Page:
We knew Sarah had an ‘accent’ thinking she was from the Caribbean but not knowing which Island or Country. Never heard her complain about how difficult the restaurant business was. I do recall her laughter, the front sign, and music playing inside her establishment.

    Randy Clark
    ps Angelo at Tosi’s remembers Sarah well.

    1. Thanks for your comments, Randy. It is great to hear more about Sarah from those who actually knew her. I really would have liked to have met her and had some of her fries! I guess I should stop by Tosi’s soon!

      1. Hi Christine
        You may want to stop by Tosi’s sooner than later. Not sure how much longer Angelo will be able to keep the store front business open. Every time I enter his place it is like travelling back into he past. I still remember his parents (especially his Mother fully covered in clothes with her dress almost touching the floor). Very old Italian style. Many large barrels of olives and large pickles (my sisters favourites!).

        I recall the 3 Vet’s. They were friends of my Grandparents. We (my Brothers and I) were allowed to run through the store whenever we wanted (at least it seemed that way). Bill was the only name of the three owners I have always remembered. In 2007-8 I was introduced to the then current owner of the 3 Vet’s. I was Principal at Point Grey Secondary and his daughter attended the school. I asked if he could tell me whever happened to the original owners who were so kind to our Family when we first arrived, as kids, from San Francisco in 1965. I said the only name I could remember was ‘Bill’. The parent said to me ‘Bill was my Dad!’ We hugged each other right there in the main office. That’s when I first heard ‘Wolfman’was there last name.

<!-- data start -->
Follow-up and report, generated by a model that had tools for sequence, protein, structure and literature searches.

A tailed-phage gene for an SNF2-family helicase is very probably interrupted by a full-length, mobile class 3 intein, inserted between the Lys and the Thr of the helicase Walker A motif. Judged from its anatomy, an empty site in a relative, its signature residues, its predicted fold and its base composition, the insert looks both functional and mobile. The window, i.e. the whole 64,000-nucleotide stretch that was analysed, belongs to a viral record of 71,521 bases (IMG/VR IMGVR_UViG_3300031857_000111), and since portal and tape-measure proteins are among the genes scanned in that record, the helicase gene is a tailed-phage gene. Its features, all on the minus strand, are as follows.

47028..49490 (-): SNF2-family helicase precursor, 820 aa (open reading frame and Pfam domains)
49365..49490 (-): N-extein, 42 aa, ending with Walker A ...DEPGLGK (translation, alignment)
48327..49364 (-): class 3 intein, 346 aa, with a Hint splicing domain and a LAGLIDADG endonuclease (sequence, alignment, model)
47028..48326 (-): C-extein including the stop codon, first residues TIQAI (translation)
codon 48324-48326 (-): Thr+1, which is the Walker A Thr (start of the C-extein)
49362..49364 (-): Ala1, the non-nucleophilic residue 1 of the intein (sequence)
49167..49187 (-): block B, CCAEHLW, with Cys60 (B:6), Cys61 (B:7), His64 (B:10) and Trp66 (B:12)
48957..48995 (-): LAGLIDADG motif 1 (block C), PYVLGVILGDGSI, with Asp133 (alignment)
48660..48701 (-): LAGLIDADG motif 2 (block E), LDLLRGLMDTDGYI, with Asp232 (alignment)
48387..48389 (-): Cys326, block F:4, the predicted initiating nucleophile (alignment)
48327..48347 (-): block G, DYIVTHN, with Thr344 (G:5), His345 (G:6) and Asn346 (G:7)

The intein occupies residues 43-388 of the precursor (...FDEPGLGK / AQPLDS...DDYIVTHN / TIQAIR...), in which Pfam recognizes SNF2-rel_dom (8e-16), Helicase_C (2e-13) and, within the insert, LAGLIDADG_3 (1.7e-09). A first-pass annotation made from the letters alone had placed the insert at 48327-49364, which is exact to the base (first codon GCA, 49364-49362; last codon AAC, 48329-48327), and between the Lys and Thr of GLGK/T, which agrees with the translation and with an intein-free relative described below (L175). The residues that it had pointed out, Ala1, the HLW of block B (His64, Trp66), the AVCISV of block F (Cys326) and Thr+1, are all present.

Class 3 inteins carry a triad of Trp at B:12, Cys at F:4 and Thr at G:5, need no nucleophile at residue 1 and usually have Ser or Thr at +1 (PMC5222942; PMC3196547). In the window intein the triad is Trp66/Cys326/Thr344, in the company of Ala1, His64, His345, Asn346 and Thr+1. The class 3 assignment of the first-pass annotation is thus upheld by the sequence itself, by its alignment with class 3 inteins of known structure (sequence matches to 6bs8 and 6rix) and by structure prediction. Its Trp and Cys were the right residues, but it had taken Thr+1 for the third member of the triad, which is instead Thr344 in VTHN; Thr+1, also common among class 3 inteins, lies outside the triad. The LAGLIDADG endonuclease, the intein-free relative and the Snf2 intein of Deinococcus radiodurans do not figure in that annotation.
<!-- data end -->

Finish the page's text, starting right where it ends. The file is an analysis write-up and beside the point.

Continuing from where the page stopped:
A community with so many nice people!

      2. Thanks again, Randy! I’ll take your advice about visiting Angelo sooner rather than later. I know every time I head down to that area I’m surprised he is still open. You are so right, it is exactly like stepping back in time every time you enter that place.
        While I was researching the piece about Sarah, I learned a lot about the history of the area… too much to include in the article… including the start of the 3 Vets. Your story about meeting the daughter of one of the current (or then current) owners at Point Grey made me smile. I attended Point Grey High School in the 1980s; well before your time, I know. In fact, while I was there Mr. Minichiello (of the Minichiello family who lived in Strathcona in the early days)… this reminds me that in many ways Vancouver (especially for those of us who have been here a few years) is still quite a small place. Thank you so much for sharing your experiences!